Respiratory Infections. The Journal of Periodontology warns that gum disease could cause infections in the lungs, including pneumonia.

While the connection might not be completely obvious at first, this is a result of inhaling bacteria from infected teeth and gums over a long period of time. Diabetic Complications. Inflammation of the gum tissue and periodontal disease can make it harder to control your blood sugar and make your diabetes symptoms worse. Diabetes sufferers are also more susceptible to periodontal disease, making proper dental care even more important for those with this condition.

Poor dental care is also a possible factor in other conditions, such as immune system disorders, weak bones, problems with pregnancy and low birth weight. Encourage your family to practice good oral hygiene by brushing after every meal with natural tooth paste, flossing daily and using a mouth rinse to kill bacteria. Here are a few more tips for keeping your teeth healthy:. Make sure you eat food that supports the nutritional needs for your body.

Every meal should be balanced with protein, fat and leafy green vegetables. You should also visit a dental professional regularly for cleanings, and the prevention and treatment of cavities. Remember, people who keep their teeth healthy live longer and better. View Locations. Stay Connected! Login Subscribe Health Marketing Blog. Menu Close. Search for Doctors by Name: Submit.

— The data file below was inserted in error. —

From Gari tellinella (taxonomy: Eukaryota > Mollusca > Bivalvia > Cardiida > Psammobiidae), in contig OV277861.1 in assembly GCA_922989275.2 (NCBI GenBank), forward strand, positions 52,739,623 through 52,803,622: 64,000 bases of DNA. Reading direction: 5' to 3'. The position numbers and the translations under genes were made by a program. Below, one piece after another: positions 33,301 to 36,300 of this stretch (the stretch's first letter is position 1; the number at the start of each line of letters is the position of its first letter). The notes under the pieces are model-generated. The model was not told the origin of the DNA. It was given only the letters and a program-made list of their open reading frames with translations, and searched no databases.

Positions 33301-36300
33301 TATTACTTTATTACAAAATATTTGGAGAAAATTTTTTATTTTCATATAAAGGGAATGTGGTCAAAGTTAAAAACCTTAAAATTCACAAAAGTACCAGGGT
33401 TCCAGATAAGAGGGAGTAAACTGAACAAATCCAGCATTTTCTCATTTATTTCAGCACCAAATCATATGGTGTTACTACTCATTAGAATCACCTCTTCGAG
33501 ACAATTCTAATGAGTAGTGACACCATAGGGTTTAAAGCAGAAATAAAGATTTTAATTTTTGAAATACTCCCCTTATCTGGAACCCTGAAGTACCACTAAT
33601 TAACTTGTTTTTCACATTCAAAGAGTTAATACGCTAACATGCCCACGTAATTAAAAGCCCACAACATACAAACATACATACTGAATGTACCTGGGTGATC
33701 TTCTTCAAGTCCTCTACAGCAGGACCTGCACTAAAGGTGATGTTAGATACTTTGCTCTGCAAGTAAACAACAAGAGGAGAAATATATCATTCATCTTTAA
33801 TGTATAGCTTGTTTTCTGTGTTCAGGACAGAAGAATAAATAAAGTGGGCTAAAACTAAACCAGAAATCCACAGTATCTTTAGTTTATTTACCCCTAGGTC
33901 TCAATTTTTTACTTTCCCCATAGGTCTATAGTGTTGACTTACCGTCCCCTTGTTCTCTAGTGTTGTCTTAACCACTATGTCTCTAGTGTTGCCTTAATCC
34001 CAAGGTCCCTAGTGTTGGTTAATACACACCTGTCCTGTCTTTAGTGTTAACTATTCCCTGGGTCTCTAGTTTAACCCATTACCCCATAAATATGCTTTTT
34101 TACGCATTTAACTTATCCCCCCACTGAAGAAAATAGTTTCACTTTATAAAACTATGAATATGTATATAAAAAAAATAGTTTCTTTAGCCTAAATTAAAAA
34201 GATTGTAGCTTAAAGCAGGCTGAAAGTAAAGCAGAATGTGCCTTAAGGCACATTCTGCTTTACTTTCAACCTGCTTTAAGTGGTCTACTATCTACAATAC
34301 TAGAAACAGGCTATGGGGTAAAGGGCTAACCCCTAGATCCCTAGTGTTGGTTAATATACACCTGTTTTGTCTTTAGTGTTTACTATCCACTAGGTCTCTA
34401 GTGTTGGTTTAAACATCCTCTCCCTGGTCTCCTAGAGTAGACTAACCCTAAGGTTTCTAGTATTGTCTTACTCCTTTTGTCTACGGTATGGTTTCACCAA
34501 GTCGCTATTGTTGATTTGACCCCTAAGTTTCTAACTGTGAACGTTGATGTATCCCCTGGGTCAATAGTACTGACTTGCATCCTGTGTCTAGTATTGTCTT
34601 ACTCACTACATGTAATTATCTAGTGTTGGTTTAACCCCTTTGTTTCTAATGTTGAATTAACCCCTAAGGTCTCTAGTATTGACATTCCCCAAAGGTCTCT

The following article was published in Your Health Magazine. Our mission is to empower people to live healthier. November Print Email. Dental Excellence Integrative Center. Many of us continue to neglect brushing our teeth at night; but brushing before bed gets rid of the germs and plaque that accumulate throughout the day.

Gently brush your tongue every time you brush your teeth to avoid plaque build-up and bad breathe. Limit sugary and acidic foods and drinks. Sugar ultimately converts into acid in the mouth, which can then erode the enamel of your teeth and even lead to cavities. Acidic fruits, teas, and coffee can also wear down tooth enamel. Drink more water, especially after each meal.

Water is an important dental health ally as it helps to wash out some of the negative effects of sticky and acidic foods and beverages in between brushes. Featured Doctors and Practices. This field is for validation purposes and should be left unchanged.